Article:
My contract was extended, and all I felt when I woke up at sunrise (yep, I continue to wake up at the hour I used to when I was working morning barista shifts) is trapped.  WHAT ON EARTH IS THERE LEFT TO DO HERE?  I have these moods at very specific times:  around 11 pm, I crash and the world sucks and I have done nothing in it; and around 5 or 6 am, I am raring to go, but…there is nowhere to go and nothing to do, and I feel utterly trapped.  And, it’s funny because these moods are consistent in content, and occur at the same time of day.  Of course, when I wake up, all is well, I feel good, and I tackle the day–and along the way, try to appreciate the outstanding geographical beauty that has become so familiar that it’s easy to let it go unnoticed.  It’s just funny, to have these swings of thought, to notice them, and to know that while they’re emotionally (and psychologically) powerful, they’re relatively meaningless.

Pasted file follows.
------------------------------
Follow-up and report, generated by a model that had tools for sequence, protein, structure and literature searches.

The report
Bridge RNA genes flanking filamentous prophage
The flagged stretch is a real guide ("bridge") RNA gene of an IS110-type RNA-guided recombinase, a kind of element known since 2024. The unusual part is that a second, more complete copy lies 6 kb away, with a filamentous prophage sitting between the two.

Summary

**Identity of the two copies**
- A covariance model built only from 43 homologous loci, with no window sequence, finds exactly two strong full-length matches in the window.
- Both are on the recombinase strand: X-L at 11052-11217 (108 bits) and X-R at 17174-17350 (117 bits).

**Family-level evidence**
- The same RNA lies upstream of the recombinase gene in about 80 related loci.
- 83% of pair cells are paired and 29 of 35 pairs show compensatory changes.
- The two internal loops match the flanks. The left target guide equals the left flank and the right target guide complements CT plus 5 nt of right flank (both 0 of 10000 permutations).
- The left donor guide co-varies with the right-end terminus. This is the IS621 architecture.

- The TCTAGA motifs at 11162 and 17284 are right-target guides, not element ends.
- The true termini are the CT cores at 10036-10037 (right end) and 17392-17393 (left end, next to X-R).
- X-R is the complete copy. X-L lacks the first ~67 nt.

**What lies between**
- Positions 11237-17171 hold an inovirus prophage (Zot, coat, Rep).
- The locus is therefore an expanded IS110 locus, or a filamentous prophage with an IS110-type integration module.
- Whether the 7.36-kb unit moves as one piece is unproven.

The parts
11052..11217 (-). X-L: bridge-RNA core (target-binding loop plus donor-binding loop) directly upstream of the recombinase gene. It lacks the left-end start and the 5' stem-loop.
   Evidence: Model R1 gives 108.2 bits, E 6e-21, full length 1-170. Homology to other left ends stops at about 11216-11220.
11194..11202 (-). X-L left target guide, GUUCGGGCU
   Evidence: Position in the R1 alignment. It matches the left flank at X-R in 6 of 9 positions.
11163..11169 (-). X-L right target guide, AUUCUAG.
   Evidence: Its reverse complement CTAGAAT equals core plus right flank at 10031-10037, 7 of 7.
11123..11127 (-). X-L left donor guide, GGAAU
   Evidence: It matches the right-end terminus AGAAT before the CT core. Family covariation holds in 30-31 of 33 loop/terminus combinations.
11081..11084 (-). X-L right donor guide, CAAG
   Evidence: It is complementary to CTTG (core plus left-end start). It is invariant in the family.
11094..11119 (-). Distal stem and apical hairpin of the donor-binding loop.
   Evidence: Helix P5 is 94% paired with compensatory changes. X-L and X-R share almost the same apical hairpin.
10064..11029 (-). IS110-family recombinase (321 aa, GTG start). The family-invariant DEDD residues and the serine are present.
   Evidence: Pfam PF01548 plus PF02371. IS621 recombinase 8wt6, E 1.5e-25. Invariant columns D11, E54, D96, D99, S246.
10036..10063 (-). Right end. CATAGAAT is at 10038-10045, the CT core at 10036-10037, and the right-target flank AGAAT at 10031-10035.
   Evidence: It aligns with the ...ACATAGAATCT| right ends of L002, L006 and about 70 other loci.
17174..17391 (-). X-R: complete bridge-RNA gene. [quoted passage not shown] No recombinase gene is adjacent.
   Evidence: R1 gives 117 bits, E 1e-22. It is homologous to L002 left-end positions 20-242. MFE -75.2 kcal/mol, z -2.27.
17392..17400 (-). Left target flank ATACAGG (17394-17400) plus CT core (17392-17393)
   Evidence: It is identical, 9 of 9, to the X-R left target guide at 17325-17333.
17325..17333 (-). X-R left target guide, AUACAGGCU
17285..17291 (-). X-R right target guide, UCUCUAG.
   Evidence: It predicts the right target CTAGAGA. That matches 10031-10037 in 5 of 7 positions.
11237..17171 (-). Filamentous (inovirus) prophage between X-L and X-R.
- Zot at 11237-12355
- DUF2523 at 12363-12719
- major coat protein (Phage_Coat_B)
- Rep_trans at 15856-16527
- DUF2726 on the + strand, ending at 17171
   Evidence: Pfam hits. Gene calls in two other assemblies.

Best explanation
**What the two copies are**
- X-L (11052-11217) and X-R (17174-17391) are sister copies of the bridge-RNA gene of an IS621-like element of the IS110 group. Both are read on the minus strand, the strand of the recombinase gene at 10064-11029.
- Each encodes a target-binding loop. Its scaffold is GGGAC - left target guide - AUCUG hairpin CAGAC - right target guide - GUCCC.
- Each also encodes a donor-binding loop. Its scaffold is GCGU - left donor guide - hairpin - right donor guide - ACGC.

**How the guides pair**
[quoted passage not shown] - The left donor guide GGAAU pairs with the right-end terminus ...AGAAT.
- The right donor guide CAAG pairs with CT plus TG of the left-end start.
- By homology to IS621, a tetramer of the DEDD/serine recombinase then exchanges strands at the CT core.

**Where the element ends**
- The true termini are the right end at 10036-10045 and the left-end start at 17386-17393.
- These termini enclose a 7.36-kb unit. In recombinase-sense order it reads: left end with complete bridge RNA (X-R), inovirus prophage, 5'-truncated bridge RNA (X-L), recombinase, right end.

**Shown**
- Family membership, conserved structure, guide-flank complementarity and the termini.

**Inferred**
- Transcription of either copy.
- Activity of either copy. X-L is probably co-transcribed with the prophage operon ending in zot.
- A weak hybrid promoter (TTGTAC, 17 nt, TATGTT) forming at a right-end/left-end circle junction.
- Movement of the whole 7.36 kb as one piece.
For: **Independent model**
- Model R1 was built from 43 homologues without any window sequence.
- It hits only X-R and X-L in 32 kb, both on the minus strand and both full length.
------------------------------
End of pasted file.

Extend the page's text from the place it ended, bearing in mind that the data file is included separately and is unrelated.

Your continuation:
I need a change; we both do.  In fact, my fiance and I have been having serious conversations about moving, and I have been applying for new jobs in different places.  Soon come, a change.  You can’t rush it.  You just cannot.  I have a couple of friends who have decided to just move to a city in the Midwest, and, uh, I wish them the best but I feel like they’re doing it out of this desperate need that is so familiar to me–to just CALL THE FUCKING SHOT because you are so sick of weighing your options and feeling stuck.  It’s so tempting to just say, OK, we’re leaving this place, we’re moving here, and we’ll figure it out when we get there.  I did that in my early 20s, and even my 30s, and, well, look who JUST paid off her student loan debt–at 42 years old.  It’s time to be patient, to plot and plan and plod through the tough conversations with spouse–where makes him happy, what are my dealbreakers, and what, really, do we envision for our lives?